If your business issues invoices or makes purchases in a foreign currency, Wave will automatically keep track of how these values convert to your business currency to keep your bookkeeping accurate.
Wave uses the accrual method of accounting, which means that income and expenses are recognized at the time they are incurred; not when money changes hands. This could happen because you suffer a bad debt or because you invoiced in a foreign currency, and the value of that currency relative to your business currency changed between when you created your invoice and when you received payment, or when you got a bill and when you pay it.
Let’s say, you signed a contract with Maple Tours, to write a travel guide to the USA for visitors from Canada. You agreed to a fixed fee in Canadian dollars (CAD).
Creating your Invoice:
You completed the work by the end of February, and on March 1st, you invoice your client the agreed fee of $10,000 CAD. Your base accounting currency is US Dollars (USD), which are worth more than Canadian dollar on this day. When you use Wave Invoices, Wave will calculate the exchange rate approximation for you automatically. You can choose the currency of an invoice by using the currency drop-down menu next to the Total amount on the Invoice.
This approximation is called the Unrealized Gain or Loss. When you anticipate that you’ll be exchanging a foreign currency at a future date, like receiving payment for an invoice, Wave keeps track of the fluctuation in the exchange rates for you.
When you approve the invoice, it’s bookkept to reflect the expected currency conversion rate on the date that the invoice was raised. If you look at your balance sheet, you’ll see an entry in the Unrealized Gain or Loss on foreign exchange account depending on whether the current conversion rate of the currency is more or less favorable than the day that you raised the invoice.
Maple Tours turned out to be a good client, and sent you a bank payment within the agreed upon 30 day due date. When your bank deposited their payment to your account, the Canadian dollar had strengthened against the US Dollar.
In any case where you're receiving a payment from a client in another currency, you'll need to complete the payment deposit at your bank so you know how much currency is actually exchanged.
When you're ready to record a payment on the invoice, select the account, and make sure to record the effective rate at which the currency has been exchanged to ensure the payment reflects what you receive at the bank.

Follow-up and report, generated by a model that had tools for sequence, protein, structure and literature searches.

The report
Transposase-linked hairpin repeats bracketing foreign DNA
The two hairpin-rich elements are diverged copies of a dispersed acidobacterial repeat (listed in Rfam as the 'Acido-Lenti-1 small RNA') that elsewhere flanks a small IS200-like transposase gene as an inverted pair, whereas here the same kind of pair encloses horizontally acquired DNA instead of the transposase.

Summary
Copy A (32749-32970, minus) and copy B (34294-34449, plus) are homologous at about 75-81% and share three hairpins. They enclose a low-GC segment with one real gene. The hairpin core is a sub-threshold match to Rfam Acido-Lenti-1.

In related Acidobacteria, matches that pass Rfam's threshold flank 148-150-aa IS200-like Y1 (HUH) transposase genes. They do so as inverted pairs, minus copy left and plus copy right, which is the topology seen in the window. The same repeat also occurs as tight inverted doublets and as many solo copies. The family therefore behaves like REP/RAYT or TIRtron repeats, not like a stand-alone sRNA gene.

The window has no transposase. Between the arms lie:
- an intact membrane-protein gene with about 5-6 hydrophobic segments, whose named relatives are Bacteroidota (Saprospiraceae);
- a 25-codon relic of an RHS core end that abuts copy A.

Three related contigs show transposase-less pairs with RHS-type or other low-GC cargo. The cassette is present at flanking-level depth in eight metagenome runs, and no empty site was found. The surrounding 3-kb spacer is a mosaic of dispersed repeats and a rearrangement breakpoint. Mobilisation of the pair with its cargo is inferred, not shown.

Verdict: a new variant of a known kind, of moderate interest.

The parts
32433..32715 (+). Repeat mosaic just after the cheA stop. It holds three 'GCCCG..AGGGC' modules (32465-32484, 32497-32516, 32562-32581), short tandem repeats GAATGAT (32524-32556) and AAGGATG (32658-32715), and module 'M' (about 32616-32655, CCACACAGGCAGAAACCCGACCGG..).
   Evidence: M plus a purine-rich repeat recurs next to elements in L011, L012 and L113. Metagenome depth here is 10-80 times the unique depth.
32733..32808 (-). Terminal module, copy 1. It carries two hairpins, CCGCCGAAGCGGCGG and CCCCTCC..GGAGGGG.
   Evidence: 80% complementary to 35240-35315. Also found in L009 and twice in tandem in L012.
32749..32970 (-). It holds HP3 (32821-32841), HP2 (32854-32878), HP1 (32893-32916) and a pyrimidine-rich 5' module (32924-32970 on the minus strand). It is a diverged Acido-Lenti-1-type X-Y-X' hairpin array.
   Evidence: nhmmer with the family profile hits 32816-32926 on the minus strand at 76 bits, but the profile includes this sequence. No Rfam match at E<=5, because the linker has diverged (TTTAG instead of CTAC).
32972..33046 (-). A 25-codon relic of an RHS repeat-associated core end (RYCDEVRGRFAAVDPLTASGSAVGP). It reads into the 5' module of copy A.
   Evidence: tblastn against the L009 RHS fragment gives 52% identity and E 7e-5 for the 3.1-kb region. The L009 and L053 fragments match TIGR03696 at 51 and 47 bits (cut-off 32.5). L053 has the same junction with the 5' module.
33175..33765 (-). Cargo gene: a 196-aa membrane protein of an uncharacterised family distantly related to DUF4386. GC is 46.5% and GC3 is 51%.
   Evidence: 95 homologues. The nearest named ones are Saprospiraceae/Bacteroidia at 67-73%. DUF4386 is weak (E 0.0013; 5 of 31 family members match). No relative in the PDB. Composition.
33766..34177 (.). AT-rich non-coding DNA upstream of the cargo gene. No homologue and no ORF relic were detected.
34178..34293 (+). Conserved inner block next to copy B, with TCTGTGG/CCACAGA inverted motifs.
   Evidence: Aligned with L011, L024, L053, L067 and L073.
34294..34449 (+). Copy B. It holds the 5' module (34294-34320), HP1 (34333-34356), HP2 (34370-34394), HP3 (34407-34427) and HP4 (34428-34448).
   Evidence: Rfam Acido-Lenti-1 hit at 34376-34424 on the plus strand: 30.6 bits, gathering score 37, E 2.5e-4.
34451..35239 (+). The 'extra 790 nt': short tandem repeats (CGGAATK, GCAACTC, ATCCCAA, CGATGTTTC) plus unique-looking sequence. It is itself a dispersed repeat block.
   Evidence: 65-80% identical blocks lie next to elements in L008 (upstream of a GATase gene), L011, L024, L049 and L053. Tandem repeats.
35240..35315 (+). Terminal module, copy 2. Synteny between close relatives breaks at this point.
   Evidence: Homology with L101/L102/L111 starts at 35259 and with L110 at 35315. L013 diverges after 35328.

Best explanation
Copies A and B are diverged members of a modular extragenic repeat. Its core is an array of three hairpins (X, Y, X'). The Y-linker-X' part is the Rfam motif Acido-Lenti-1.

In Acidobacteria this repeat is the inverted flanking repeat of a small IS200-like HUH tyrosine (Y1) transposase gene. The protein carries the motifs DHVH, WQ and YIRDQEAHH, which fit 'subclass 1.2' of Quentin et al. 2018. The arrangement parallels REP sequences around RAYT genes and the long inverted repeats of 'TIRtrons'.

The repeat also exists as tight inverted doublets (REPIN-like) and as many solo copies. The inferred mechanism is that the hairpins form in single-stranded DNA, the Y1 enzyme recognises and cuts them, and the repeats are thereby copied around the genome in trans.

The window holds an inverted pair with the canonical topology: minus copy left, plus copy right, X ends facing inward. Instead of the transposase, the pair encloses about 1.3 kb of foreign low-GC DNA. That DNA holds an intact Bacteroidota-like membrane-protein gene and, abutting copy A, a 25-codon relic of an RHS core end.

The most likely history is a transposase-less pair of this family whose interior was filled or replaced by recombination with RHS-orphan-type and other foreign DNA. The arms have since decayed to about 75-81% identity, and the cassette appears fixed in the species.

You'll always need to record foreign currency payments directly on the invoice. Foreign currency invoices cannot be marked as paid from the Transactions page. If the bank connection has imported these transactions, record the payment on the invoice, and then merge the manual payment and the bank import. To merge, click on the checkboxes beside the two transactions and then the merge icon at the top of the page.
In the case of this invoice, the value of the Canadian dollar fluctuated during the time between when you sent the invoice to Maple Tours, and the the time that you actually exchanged currency. You expected to do ~$7,600.00 USD in work, which is what you recorded on the invoice; but when it was all said and done, you got paid and the total converted to $7,356.29. The difference is automatically recorded as a loss on foreign exchange expense by Wave.
Creating a Bill:
You ordered new business cards from a vendor you met while you were doing research on your trip to Canada to write the guide for Maple Tours.
Your business cards arrived in the mail, and included the invoice for $150 CAD. Enter the Bill in Wave by going to Purchases>Bills. Make sure that you input the amount that the vendor charged, in the vendor's currency. Wave calculates the approximate value of the payment you owe to the vendor in your business currency.
This approximation is called an Unrealized Gain or Loss. When you anticipate that you’ll be exchanging a foreign currency at a future date, like paying a bill, Wave keeps track of the fluctuation in the exchange rates for you.
Paying the Bill:
You don't need to manage cashflow right now, and would rather pay the bill while the exchange rate is relatively favorable so you pay the bill a week later.
Make sure to complete the transaction before recording the payment. You need to make sure you complete the real-world exchange of currency before you record it in Wave.
Record the Bill payment by using the drop-down menu on the Bills list view. Select the method, account, and ensure that you enter the rate that you actually achieved at the bank. You can calculate this by dividing the amount on your bank statement by the amount your vendor charged in their currency.
The difference between the approximate value of the bill on the day that you received it, and the day that you paid it is the realized gain or loss on foreign exchange. When you use Wave Bills, we take care of this calculation for you.